Minister of Finance Ken Lipenga on Monday tabled in Parliament a Loan Authorisation Bill through which government is seeking approval to borrow about K24 billion ($76.5 million) for construction of 60 million-litre capacity fuel storage reserves.
Lipenga told Parliament that part of the money, being borrowed from the Export-Import Bank of India, would be used for development of several irrigation projects in Karonga, Salima and Mangochi as part of the Green Belt Initiative as well as construction of a sugar processing plant in Salima.
He said the loan will be for procurement of capital equipment for the three projects.
Lipenga said the fuel storage reserves, to be located in Mzuzu, Lilongwe and Blantyre, will have a total holding capacity of 60 million litres for both petrol and diesel which he said would be enough to cover the country for about 60 days.
Said the minister: â€œTo secure sustainable supply of fuel, government established the National Oil Company of Malawi [Nocma], but Nocma has not been able to meet this mandate due to shortage of forex as well as adequate storage facilities.â€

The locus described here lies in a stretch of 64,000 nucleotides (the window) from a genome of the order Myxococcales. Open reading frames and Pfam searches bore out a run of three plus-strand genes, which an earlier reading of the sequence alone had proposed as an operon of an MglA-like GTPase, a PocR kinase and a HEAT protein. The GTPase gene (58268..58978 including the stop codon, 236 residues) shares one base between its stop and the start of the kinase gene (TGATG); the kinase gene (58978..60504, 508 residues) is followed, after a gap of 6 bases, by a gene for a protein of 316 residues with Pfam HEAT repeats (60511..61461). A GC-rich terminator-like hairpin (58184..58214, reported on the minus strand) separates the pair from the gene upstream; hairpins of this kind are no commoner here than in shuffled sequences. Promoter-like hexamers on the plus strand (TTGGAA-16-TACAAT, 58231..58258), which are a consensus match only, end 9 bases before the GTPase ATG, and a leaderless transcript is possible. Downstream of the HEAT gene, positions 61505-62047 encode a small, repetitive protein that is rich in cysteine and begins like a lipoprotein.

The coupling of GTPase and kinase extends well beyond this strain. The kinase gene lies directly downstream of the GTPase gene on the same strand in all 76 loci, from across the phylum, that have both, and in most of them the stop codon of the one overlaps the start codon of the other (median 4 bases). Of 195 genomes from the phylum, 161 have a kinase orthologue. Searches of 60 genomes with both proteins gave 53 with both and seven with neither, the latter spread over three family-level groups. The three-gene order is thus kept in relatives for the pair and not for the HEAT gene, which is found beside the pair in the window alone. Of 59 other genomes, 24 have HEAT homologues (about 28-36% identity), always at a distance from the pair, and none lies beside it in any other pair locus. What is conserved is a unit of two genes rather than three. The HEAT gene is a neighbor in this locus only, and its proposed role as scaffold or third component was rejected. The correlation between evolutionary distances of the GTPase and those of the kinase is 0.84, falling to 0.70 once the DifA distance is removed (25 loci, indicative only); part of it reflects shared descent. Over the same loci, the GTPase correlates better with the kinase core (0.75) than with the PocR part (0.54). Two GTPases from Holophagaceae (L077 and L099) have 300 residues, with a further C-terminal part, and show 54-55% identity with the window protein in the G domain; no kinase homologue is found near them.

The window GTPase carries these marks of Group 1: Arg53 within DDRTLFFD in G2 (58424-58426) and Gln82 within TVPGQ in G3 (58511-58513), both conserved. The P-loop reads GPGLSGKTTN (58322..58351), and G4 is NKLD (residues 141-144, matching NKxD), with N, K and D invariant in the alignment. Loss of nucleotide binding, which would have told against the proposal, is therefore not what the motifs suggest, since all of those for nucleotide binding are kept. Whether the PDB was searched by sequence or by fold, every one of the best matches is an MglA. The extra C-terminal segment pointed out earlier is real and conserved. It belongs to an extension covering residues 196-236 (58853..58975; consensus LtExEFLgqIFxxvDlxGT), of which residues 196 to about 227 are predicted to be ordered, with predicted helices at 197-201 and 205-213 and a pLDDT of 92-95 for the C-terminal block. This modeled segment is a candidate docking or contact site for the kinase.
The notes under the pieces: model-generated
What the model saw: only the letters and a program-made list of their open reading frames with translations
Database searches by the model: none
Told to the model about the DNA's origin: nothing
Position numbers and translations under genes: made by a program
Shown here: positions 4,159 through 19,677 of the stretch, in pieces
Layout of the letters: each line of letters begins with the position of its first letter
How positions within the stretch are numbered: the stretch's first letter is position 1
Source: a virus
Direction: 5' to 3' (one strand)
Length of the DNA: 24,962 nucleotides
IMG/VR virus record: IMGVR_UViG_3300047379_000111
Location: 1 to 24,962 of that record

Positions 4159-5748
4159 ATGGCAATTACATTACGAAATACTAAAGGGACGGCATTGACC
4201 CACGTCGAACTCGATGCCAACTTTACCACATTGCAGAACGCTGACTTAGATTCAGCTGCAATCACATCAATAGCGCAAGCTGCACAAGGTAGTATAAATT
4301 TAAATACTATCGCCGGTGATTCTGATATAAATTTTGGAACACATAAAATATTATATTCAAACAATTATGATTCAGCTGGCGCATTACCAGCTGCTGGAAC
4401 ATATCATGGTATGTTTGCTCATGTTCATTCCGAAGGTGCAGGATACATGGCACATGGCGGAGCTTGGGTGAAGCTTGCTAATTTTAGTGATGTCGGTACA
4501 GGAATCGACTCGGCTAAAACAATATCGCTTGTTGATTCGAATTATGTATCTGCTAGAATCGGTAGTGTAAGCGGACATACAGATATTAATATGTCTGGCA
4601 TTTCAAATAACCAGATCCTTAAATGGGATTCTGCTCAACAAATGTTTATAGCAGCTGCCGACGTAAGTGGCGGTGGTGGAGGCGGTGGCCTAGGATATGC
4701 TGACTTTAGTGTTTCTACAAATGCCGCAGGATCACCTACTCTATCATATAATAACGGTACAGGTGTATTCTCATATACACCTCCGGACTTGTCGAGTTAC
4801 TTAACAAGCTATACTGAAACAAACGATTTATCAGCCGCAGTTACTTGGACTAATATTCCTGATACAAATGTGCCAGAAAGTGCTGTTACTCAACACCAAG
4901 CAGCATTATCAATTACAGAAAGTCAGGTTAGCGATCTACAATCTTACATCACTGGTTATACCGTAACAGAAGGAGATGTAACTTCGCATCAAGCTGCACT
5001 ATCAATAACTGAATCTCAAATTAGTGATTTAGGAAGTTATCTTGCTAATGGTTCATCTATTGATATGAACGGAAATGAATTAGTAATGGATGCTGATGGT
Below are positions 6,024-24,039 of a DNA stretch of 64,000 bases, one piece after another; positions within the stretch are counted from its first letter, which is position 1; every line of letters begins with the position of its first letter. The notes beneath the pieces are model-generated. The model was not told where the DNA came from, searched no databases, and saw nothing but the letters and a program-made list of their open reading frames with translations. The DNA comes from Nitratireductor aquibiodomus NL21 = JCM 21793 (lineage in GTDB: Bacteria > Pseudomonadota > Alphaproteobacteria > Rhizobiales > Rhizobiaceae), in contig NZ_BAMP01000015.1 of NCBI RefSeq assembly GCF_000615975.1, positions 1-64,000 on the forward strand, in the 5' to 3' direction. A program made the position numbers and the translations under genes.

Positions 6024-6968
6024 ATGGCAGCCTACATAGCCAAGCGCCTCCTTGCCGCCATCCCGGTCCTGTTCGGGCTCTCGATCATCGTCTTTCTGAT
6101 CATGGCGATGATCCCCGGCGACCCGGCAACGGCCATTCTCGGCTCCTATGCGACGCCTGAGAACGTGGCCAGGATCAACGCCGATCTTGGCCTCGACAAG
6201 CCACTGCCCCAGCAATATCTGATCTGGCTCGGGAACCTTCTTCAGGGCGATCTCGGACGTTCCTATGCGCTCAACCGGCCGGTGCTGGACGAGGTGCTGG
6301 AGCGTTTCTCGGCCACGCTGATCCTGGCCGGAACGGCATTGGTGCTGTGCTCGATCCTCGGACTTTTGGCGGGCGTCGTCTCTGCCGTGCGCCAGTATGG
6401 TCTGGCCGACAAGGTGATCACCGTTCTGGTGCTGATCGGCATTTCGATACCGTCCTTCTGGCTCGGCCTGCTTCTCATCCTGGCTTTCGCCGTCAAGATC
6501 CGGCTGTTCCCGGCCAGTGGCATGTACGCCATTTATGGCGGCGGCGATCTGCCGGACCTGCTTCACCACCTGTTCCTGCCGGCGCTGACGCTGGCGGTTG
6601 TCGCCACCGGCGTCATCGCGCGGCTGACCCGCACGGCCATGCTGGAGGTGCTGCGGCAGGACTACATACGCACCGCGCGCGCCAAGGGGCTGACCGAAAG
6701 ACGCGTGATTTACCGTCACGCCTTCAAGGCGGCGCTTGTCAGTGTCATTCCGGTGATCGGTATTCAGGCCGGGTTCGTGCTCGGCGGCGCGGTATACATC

The strategic fuel reserves were initially planned for completion by January this year, according to a statement from the Ministry of Energy and Mining published in July 2011. The project was awaiting feasibility study, according to the ministry. At the time, the project was estimated to cost about $25 million.
In his contribution to the bill, Malawi Congress Party (MCP) spokesperson on financial matters Joseph Njobvuyalema advised government to rehabilitate existing reserves at Chilumba in Karonga, Chipoka in Salima and in Mchinji instead of embarking on new facilities to save money.
He also cautioned government on borrowing levels.
But Minister of Energy and Mining Cassim Chilumpha, who also stood to contribute to the debate, backed the proposed construction of the new facilities, saying currently, the country has fuel reserves with a combined capacity of two million litres which he said is not adequate as the fuel can only last two days.
Chilumpha also said existing reserves in Chilumba, Chipoka and Mchinji are far from main business centres where more fuel is required.
Kasungu Central MP Ken Kandodo also observed that although a lot of people are expressing concern about the level of borrowing, the borrowing itself is not bad, but that what matters is the purpose of the borrowing.
Lipenga said the loan is expected to be paid back in 20 years with a grace period of five years at a rate of 1.75 percent interest per annum.